Dalmation Personalities and What Dalmation Training Can Do

Dalmatians are among the dog breeds that have the richest and most colorful personalities. Its interesting that the dog’s captivating and charming dispositions actually have patterns that somehow have human counterparts. Read on to know more about these common themes.

Some males, for example, are such scrupulous souls that are sensitive to raised voices and tense atmospheres. They are unabashed mamma’s boys, and are quiet, gentle and once in a while are happy to just be wallflowers that are allowed some quiet times alone. It is granted that they may have short attention spans (and therefore very fidgety during grooming time), not great lovers of chores and work, bad at recall (their nose is sometimes their worst enemy) and even more when it comes to schooling and dalmation training. But on the bright side, no breed can possibly be funnier and more fun than these charming and winsome clowns. And just like growing guys and men out there, a male dal is notable for his growing appetite, believing that your actions while he is eating is somehow connected with getting him more food!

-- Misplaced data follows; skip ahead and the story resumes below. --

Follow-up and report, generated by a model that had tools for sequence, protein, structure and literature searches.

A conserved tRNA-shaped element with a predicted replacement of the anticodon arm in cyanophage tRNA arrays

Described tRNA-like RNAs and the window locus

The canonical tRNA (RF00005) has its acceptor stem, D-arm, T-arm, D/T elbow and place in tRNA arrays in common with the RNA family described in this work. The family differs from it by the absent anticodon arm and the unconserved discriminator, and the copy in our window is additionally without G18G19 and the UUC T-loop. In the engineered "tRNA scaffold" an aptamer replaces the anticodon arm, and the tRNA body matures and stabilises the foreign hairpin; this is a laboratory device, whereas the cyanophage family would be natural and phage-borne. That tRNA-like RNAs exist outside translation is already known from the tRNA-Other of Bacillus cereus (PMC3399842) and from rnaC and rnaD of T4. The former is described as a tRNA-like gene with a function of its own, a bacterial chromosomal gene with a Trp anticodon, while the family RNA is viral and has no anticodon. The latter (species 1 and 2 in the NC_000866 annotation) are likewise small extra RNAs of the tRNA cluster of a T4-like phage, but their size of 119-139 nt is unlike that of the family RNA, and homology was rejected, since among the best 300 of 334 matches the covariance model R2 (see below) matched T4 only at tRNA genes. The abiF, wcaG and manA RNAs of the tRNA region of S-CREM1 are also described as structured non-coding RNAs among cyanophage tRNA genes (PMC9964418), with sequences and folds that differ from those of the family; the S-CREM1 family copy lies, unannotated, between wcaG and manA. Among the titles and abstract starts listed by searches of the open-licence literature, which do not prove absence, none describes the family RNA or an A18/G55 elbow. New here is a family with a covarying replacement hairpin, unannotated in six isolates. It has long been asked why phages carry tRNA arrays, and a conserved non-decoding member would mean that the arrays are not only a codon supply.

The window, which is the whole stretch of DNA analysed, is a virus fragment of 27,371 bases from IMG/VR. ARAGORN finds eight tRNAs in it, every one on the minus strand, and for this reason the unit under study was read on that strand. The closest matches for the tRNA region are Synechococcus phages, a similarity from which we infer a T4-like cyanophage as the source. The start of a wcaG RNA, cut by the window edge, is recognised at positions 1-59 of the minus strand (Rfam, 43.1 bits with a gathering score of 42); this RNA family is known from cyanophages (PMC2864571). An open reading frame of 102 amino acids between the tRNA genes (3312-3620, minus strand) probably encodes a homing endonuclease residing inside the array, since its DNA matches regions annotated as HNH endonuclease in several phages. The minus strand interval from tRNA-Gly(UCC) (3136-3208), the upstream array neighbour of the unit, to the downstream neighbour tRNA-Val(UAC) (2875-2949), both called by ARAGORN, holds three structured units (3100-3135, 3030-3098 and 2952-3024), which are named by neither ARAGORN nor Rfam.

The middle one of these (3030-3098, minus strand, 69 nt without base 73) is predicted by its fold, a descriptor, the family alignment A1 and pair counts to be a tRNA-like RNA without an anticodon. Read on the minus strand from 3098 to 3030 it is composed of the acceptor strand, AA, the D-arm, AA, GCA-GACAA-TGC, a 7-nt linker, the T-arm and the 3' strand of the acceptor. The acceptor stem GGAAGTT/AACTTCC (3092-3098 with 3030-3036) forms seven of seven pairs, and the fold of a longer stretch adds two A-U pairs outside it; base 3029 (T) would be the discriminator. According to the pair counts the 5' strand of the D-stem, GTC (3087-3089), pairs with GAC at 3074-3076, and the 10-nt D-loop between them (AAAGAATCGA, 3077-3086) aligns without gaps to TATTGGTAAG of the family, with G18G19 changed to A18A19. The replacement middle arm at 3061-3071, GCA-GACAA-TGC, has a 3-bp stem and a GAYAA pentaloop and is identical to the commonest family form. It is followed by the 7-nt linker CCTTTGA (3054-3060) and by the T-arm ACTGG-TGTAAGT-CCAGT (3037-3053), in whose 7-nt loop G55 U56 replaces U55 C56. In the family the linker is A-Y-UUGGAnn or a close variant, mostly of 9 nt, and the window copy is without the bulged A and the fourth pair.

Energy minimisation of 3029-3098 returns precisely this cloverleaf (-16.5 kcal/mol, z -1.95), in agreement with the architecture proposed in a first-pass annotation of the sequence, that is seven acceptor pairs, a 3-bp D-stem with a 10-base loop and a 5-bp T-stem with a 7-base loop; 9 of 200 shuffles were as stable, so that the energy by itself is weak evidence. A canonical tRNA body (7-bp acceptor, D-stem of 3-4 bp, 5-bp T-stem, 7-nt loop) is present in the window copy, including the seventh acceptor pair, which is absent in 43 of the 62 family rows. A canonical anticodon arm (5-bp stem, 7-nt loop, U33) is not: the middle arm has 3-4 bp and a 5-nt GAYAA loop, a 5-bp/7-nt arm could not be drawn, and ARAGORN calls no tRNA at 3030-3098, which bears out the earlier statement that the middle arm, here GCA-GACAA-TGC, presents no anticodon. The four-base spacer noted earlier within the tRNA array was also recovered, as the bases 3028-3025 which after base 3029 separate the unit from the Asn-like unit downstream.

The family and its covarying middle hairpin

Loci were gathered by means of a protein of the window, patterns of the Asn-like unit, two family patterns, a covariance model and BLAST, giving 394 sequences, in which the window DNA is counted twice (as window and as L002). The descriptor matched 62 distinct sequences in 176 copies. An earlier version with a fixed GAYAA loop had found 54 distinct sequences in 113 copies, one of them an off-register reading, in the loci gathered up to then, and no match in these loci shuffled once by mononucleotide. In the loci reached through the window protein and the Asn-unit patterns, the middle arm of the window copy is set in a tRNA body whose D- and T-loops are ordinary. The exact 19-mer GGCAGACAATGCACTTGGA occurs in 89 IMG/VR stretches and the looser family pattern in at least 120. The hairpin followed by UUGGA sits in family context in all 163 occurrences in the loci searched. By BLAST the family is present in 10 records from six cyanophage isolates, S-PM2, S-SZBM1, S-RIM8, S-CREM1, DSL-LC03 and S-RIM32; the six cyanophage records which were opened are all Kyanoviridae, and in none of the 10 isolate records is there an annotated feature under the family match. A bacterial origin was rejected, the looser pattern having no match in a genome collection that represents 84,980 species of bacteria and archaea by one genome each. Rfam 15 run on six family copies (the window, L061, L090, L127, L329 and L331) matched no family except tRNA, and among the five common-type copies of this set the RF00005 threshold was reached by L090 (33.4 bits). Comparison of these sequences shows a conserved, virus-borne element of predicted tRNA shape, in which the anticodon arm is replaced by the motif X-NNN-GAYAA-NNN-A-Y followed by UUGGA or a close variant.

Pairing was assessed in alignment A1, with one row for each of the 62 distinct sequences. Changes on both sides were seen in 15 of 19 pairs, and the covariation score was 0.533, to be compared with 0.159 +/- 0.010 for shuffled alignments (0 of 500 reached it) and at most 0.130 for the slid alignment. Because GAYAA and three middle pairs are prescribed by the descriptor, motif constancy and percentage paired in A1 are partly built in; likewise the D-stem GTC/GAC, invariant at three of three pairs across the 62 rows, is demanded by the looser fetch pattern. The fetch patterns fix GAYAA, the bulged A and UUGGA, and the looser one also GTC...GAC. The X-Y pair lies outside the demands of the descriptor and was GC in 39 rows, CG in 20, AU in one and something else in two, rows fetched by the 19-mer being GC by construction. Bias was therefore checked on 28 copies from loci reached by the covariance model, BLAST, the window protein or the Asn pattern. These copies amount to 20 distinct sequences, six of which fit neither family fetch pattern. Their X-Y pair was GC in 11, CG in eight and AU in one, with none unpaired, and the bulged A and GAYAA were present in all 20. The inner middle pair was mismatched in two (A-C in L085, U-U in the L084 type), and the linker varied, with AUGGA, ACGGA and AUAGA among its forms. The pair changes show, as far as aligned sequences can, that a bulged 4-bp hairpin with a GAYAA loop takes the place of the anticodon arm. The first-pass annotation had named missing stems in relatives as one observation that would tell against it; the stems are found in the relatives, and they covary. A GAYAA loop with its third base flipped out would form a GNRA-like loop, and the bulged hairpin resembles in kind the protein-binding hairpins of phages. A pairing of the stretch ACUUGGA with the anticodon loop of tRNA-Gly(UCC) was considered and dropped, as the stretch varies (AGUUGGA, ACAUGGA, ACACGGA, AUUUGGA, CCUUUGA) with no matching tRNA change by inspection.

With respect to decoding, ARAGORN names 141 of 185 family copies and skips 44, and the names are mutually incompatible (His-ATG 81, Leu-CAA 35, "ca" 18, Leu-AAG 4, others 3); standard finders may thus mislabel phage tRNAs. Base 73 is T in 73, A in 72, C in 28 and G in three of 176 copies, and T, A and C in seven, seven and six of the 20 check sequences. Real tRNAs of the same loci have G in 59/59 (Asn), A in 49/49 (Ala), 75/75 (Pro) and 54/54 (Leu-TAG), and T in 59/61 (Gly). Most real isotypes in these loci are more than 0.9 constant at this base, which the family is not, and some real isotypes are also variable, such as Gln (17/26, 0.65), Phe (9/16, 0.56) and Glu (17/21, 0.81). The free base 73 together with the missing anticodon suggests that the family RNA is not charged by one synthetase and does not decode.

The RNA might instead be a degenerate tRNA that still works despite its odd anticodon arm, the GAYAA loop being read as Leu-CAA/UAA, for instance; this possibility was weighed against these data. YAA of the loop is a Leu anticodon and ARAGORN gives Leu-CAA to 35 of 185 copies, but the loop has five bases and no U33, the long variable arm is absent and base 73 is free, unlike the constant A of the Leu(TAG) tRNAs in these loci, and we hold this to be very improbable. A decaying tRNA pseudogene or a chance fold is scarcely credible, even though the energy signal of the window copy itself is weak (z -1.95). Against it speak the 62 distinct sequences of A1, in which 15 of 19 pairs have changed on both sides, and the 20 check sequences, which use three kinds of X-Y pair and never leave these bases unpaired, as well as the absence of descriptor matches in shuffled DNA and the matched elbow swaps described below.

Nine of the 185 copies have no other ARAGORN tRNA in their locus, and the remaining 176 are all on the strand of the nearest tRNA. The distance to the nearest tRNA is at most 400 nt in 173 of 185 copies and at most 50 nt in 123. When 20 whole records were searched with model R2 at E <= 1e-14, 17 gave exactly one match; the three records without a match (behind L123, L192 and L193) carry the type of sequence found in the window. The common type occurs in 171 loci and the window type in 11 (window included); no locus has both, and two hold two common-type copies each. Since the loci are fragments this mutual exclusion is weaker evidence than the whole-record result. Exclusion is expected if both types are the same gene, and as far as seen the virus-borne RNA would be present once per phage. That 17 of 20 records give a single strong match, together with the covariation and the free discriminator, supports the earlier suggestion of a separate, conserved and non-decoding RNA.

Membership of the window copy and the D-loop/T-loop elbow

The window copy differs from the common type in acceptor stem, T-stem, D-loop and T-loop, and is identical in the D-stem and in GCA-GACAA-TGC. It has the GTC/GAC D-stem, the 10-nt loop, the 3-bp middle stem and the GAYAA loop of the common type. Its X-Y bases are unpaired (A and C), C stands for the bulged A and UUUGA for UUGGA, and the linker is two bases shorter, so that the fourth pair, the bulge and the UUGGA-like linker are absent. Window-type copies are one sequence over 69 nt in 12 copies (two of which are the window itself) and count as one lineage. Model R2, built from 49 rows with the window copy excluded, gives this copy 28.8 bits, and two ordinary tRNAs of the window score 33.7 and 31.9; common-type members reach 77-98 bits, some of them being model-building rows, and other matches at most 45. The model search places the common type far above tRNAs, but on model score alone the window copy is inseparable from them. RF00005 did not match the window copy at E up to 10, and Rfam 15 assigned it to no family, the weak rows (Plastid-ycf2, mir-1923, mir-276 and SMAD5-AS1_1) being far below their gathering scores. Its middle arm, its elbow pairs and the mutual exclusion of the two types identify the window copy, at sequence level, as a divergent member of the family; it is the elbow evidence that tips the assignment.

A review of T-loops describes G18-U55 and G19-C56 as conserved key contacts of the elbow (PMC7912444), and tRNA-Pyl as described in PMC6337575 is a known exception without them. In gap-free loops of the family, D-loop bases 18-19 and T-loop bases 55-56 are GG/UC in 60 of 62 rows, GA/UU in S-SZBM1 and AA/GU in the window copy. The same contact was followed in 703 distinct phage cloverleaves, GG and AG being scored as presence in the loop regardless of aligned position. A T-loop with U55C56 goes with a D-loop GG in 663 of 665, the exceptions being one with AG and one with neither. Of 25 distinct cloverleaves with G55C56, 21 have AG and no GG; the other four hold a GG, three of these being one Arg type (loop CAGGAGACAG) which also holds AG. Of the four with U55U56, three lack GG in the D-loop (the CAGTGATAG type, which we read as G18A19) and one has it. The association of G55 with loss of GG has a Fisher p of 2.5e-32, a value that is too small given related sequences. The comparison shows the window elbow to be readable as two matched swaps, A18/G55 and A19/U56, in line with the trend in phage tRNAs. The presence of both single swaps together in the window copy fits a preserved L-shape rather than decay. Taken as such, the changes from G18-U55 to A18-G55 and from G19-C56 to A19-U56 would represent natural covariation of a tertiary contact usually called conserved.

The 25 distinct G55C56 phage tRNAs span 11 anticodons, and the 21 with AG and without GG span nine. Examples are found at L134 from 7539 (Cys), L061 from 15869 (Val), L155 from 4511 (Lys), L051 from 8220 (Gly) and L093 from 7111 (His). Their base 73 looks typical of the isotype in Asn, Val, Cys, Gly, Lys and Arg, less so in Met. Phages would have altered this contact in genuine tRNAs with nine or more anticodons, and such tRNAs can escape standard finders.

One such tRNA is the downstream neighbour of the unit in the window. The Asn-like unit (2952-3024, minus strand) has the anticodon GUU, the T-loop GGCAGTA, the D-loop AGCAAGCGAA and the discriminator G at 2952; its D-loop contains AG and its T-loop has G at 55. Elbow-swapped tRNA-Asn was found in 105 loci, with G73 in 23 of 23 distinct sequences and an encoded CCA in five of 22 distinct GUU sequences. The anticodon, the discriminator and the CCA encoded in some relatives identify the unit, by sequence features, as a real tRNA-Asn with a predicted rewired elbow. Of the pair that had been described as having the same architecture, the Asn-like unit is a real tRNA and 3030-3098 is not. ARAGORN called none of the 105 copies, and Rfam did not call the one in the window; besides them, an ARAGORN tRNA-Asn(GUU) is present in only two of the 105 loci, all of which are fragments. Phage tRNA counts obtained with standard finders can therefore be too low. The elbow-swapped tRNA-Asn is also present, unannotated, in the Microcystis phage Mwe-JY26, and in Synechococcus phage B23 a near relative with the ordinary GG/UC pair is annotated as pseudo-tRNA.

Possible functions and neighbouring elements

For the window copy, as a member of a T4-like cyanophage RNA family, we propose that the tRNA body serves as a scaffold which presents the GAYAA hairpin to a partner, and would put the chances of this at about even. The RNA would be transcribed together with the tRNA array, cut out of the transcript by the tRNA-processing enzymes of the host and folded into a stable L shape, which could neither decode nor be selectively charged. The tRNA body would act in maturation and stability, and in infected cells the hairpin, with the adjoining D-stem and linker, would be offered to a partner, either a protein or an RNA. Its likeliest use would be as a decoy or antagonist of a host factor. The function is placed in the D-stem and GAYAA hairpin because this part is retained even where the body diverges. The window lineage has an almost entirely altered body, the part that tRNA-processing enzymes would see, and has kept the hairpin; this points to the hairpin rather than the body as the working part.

Without jumping to dalmation training conclusions, females also seem to be different characters from the males. They may exhibit higher prey drive than the males, but they are more obedient and can take better care of themselves. The females seem more perky, and may direct boisterous barking at any noise and caller that drifts towards the direction of the house. What is not clear however, is which gender is nippier, more excitable and more prone to self-centeredness. But females have that certain world of their own built on cunning brilliance; owners can almost hear their brains’ ticking as they cook up ways to do things they shouldn’t!

The variety of dalmatian personalities result to an almost- “quaint village” feel in case a dog owner owns several dalmatians. For example, an owner may identify the so-called gypsy, since it is more of a loner than a home buddy, and is more likely to loiter, rather than mingle. Another dog will call to mind the anxious school-boy, always eager to please and who may just faint if told that he is doing something wrong. Still another dog has an aristocratic air about her, friendly and well-mannered but conscious of her superiorityFree Reprint Articles, and thus refusing anything that hints of chores and work.

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